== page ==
The high speed railway linking London to the Channel Tunnel, known as High Speed 1, has now been fully open for almost five years. Since opening, the line has had a good performance record and the Department for Transport (the Department) can be proud of some aspects of the project. A revised timetable and budget were established in 1998 and the line was constructed within this revised timeframe and revised budget. In 2010 the Department managed the sale of HS1 Limited, which has a concession to operate the line for 30 years, in an exemplary manner. The sale, along with the Department's restructuring of Eurostar UK, which ran the British arm of the international train service, transferred most of the remaining operational risk relating to the line to the private sector, with the project debt being met by the taxpayer.
There have also been some costly mistakes in the history of this project. The Department originally expected London & Continental Railways Limited (LCR), (which was awarded the contract to build the line in 1996), to service the project debt from future revenues from Eurostar UK (the train operator). However by the end of 1997 Eurostar UK revenues were substantially below LCR's forecasts. Consequently, in 1998, the Department agreed to restructure the deal and guarantee most of LCR's debt. The Department's debt guarantees were called upon in June 2009 and the taxpayer is now servicing and repaying the project debt of £4.8 billion.
Passenger demand for international services on the line has been much lower than forecast and that is the root cause of the failure of the original deal and of the call on the Department's debt guarantees. International passenger numbers have only been one-third of LCR's original 1995 forecast and two-thirds of the level the Department forecast in 1998. The Department's planning assumptions for the line were wrong; it failed to properly consider the impact on passenger numbers of the growth of low cost airlines and the competitive response of ferry companies. Over-optimistic forecasting and insufficiently robust testing of planning assumptions is a recurring problem, as our previous report on the East Coast Mainline has demonstrated. The Department must learn the lessons from the past and ensure that cost benefit analysis is solid as it develops its plans for HS2.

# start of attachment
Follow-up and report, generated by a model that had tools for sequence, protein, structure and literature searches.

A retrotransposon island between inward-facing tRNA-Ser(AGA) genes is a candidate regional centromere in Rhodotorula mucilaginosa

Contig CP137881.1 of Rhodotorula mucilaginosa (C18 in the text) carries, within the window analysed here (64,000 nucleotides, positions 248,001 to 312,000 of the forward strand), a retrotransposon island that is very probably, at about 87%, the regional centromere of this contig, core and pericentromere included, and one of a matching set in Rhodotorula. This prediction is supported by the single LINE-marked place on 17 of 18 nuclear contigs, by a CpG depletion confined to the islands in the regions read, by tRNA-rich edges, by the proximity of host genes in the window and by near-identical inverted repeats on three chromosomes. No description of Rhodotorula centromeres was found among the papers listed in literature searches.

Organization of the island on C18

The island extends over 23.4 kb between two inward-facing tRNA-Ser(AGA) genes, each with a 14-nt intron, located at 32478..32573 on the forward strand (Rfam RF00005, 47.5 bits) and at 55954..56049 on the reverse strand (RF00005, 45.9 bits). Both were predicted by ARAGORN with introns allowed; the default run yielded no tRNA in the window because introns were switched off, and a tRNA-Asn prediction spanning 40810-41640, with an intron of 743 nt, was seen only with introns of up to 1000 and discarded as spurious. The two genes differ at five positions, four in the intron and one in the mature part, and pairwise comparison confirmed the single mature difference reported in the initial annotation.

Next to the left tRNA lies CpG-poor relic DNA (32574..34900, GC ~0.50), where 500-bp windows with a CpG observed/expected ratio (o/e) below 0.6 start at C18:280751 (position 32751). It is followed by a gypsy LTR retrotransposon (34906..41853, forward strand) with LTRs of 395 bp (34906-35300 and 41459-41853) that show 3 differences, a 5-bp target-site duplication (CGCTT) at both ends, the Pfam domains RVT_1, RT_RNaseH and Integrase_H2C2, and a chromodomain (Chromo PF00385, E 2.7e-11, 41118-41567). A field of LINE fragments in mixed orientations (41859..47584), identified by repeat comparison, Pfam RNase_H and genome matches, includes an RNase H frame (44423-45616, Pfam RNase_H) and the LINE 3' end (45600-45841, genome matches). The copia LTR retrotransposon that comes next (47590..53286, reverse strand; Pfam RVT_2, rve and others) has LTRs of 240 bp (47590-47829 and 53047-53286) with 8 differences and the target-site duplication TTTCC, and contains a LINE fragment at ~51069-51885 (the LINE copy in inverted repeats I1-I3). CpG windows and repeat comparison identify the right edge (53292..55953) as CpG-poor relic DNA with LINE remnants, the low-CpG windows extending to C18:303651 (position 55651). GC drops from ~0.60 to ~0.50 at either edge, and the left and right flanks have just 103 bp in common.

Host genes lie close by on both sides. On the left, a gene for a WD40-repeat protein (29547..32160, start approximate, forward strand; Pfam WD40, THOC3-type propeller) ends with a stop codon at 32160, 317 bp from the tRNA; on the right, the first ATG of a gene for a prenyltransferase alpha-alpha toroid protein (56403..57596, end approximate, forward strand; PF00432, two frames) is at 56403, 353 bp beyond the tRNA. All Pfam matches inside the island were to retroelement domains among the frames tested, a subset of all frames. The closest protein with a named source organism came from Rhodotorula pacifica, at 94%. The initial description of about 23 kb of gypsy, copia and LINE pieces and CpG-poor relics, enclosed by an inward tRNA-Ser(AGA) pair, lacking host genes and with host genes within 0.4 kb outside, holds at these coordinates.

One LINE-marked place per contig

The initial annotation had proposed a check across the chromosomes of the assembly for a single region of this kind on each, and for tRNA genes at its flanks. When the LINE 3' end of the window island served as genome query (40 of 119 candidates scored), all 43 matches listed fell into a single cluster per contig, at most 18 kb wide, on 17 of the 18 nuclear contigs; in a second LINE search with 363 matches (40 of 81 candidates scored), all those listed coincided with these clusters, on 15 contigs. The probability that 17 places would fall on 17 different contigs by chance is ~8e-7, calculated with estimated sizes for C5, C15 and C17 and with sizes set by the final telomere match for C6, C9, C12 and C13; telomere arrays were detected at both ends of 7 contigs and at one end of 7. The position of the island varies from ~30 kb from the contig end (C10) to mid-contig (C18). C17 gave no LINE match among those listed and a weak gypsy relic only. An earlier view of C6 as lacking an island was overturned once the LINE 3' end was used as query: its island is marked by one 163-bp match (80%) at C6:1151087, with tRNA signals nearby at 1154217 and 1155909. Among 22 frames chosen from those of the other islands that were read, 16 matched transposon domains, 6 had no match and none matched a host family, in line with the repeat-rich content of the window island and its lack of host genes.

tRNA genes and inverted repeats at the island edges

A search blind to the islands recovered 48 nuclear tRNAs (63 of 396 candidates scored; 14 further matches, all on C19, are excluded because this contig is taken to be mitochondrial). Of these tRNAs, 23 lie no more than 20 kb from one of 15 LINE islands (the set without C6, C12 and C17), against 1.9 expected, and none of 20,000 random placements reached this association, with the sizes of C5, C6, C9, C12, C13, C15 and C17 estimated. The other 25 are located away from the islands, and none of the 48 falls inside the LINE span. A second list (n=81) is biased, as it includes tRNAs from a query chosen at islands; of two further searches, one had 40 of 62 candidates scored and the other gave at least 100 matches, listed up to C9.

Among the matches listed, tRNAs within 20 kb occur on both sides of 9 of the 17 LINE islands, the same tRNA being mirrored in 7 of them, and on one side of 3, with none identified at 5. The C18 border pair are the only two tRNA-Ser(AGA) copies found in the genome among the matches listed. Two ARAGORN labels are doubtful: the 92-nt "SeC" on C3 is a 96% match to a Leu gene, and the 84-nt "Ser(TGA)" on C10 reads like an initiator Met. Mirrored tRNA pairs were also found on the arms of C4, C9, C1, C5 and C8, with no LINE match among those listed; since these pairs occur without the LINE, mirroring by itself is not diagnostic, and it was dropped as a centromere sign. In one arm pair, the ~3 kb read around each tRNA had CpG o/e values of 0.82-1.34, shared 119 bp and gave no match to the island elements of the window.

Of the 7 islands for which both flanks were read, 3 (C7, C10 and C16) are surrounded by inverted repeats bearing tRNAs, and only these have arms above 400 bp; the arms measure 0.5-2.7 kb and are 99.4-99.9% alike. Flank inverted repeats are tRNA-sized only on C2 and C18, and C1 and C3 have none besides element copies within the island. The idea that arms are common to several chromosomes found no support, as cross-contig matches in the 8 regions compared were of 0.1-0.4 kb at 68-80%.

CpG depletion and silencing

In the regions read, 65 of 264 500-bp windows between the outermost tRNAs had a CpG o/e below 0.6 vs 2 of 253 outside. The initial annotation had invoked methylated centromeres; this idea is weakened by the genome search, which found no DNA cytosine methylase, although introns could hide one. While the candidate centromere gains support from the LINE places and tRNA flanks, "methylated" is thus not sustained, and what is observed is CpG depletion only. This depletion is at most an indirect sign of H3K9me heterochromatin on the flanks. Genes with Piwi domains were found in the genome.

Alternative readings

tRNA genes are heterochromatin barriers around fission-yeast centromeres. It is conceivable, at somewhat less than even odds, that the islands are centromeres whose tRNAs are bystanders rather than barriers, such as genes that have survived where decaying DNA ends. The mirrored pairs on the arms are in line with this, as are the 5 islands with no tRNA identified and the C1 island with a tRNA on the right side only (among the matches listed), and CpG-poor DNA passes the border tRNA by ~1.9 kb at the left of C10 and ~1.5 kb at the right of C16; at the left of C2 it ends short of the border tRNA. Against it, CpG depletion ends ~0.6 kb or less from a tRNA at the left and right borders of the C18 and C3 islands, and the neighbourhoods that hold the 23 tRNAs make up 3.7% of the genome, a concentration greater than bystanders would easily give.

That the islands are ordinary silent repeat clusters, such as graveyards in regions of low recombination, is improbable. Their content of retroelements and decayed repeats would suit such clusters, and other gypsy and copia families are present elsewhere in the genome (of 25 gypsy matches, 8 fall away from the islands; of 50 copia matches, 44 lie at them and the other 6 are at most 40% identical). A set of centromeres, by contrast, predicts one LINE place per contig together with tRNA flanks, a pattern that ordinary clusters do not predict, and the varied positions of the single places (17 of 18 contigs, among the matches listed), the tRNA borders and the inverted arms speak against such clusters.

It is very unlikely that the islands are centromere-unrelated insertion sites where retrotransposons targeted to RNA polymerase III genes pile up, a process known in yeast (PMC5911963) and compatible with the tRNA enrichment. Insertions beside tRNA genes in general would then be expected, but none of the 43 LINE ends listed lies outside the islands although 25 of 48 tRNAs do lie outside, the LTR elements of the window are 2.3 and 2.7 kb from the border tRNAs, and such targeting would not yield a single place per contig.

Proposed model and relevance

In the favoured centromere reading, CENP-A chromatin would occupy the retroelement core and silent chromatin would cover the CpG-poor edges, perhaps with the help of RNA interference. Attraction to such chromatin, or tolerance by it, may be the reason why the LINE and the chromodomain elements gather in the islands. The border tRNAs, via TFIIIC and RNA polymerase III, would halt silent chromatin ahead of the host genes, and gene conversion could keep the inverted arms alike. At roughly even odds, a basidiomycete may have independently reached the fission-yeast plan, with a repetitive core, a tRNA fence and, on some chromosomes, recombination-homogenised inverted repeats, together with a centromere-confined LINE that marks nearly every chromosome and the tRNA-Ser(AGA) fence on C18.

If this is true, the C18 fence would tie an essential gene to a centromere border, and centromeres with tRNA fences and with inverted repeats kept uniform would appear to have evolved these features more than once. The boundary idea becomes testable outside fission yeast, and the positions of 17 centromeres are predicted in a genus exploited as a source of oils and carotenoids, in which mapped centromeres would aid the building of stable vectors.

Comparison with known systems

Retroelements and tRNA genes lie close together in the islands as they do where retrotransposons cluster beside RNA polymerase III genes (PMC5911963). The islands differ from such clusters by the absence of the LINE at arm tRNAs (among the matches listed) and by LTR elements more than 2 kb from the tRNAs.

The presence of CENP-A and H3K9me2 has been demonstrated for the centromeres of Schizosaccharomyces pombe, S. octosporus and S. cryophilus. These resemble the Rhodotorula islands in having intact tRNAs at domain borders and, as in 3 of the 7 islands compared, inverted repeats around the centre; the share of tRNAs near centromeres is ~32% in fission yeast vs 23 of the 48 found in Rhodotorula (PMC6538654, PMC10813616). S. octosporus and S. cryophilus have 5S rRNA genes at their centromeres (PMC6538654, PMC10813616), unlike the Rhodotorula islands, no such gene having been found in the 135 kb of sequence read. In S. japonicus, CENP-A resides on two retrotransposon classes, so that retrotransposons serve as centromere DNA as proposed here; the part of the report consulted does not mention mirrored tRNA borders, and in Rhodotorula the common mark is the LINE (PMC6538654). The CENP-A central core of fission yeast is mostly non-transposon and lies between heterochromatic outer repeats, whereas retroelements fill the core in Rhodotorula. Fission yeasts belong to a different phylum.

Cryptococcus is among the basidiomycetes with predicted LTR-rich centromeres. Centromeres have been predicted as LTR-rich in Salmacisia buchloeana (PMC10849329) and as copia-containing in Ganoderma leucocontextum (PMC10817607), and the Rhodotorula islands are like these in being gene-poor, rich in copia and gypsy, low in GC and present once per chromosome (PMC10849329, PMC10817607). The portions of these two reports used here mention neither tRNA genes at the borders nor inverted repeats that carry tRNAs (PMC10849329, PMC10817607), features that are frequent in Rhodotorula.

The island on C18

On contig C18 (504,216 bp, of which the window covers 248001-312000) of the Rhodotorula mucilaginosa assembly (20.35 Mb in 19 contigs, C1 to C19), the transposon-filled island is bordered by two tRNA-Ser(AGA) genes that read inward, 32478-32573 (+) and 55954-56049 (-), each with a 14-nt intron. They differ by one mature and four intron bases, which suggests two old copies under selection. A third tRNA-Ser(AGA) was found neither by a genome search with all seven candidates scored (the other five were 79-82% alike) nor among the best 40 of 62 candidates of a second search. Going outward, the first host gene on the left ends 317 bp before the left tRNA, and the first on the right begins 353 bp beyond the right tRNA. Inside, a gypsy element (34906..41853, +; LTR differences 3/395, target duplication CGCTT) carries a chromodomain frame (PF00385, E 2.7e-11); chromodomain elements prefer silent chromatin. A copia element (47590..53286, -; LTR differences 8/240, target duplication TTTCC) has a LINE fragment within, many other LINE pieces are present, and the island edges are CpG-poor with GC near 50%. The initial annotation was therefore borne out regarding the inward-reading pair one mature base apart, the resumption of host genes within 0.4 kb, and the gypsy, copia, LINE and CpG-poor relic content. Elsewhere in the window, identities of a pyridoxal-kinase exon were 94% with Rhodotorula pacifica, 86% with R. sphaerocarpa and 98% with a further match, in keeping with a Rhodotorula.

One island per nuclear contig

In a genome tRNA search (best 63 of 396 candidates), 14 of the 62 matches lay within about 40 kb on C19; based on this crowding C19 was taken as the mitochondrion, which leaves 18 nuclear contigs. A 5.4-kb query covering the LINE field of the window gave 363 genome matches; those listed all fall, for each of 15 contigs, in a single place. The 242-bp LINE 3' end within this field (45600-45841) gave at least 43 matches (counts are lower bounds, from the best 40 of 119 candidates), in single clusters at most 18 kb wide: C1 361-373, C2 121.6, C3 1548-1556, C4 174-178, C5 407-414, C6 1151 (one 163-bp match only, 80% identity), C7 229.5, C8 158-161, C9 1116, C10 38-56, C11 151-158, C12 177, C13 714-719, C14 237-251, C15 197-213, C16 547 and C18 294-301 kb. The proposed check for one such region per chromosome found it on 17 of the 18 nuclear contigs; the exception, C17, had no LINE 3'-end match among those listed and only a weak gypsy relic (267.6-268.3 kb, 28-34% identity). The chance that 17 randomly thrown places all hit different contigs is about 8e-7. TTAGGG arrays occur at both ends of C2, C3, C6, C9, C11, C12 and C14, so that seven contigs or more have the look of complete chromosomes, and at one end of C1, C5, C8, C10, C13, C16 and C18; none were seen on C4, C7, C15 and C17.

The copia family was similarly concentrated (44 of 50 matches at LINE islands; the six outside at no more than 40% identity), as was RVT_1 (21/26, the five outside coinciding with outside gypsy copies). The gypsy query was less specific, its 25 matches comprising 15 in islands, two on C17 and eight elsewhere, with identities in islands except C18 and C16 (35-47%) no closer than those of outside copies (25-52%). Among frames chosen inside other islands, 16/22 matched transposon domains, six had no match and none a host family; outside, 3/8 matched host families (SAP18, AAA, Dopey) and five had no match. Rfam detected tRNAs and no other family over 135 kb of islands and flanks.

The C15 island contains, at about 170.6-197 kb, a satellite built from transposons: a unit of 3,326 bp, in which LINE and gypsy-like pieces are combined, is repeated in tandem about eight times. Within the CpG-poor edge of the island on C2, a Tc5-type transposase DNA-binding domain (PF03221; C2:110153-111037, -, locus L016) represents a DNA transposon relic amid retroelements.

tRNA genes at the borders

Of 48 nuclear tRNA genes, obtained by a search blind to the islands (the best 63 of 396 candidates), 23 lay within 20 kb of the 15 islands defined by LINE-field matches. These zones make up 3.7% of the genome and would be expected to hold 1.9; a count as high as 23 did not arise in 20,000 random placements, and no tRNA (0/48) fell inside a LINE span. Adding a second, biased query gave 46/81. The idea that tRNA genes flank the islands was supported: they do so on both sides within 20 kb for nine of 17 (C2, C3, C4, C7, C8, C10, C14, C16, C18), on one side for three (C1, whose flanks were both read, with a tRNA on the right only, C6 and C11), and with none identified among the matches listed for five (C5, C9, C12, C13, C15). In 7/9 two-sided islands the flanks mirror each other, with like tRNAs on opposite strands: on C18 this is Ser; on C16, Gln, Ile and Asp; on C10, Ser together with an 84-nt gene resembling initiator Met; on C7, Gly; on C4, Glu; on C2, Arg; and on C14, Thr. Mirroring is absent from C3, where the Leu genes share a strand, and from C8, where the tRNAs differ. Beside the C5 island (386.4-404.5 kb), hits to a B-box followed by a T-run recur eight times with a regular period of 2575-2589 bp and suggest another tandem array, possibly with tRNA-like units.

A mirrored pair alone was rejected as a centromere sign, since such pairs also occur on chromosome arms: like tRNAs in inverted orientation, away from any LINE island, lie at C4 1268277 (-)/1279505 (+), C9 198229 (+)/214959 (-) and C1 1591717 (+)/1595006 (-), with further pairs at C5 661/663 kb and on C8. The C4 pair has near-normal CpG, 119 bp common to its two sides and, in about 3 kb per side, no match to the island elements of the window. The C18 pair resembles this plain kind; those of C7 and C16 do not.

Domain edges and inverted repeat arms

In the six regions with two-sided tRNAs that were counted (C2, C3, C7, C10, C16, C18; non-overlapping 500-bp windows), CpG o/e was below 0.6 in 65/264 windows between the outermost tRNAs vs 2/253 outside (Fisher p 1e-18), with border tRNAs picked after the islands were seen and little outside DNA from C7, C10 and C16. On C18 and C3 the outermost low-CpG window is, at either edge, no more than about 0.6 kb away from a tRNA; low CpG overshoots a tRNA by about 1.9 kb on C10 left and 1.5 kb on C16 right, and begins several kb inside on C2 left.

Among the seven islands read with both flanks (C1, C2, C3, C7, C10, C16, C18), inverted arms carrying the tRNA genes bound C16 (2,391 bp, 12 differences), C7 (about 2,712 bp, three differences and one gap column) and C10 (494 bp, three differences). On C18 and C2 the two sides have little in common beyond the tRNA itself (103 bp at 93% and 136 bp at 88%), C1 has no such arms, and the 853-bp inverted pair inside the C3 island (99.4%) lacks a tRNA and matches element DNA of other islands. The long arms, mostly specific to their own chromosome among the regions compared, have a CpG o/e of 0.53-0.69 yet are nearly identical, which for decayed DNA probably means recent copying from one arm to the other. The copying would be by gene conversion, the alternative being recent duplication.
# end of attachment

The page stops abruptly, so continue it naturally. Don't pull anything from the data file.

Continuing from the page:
The Department still does not have plans in place to evaluate fully the impact of High Speed 1. Total taxpayer support for the line, over a 60 year period to 2070, has an estimated present value of £10.2 billion. Benefits for passengers from shorter journey times over this period have an estimated present value of £7 billion. The basis of this cost/benefit analysis is open to challenge. There is a risk that the value of passenger benefits is overstated, for example because the Department's methodology assumes that all time on a train is unproductive, and a further risk that the wider economic benefits are not taken into account because no appropriate analysis is made.
While difficult, it is disappointing that the Department has not attempted to understand the economic impact and local regeneration benefits achieved so far from High Speed 1. Also it has not assessed the impact on regeneration of decisions on where to locate stations. The Department will need to evaluate HS1's regeneration benefits and wider economic impacts worth many billions of pounds if the project is to demonstrate value for money. To learn from past decisions and so make well-informed investment decisions in the future the Department, as well as other government departments investing in infrastructure, must improve its understanding and measurement of the economic and regeneration benefits of new infrastructure.
On the basis of a Report by the Comptroller and Auditor General, we took evidence from an expert witness and from the Department for Transport on the High Speed 1 project and the lessons that need to be learnt from it.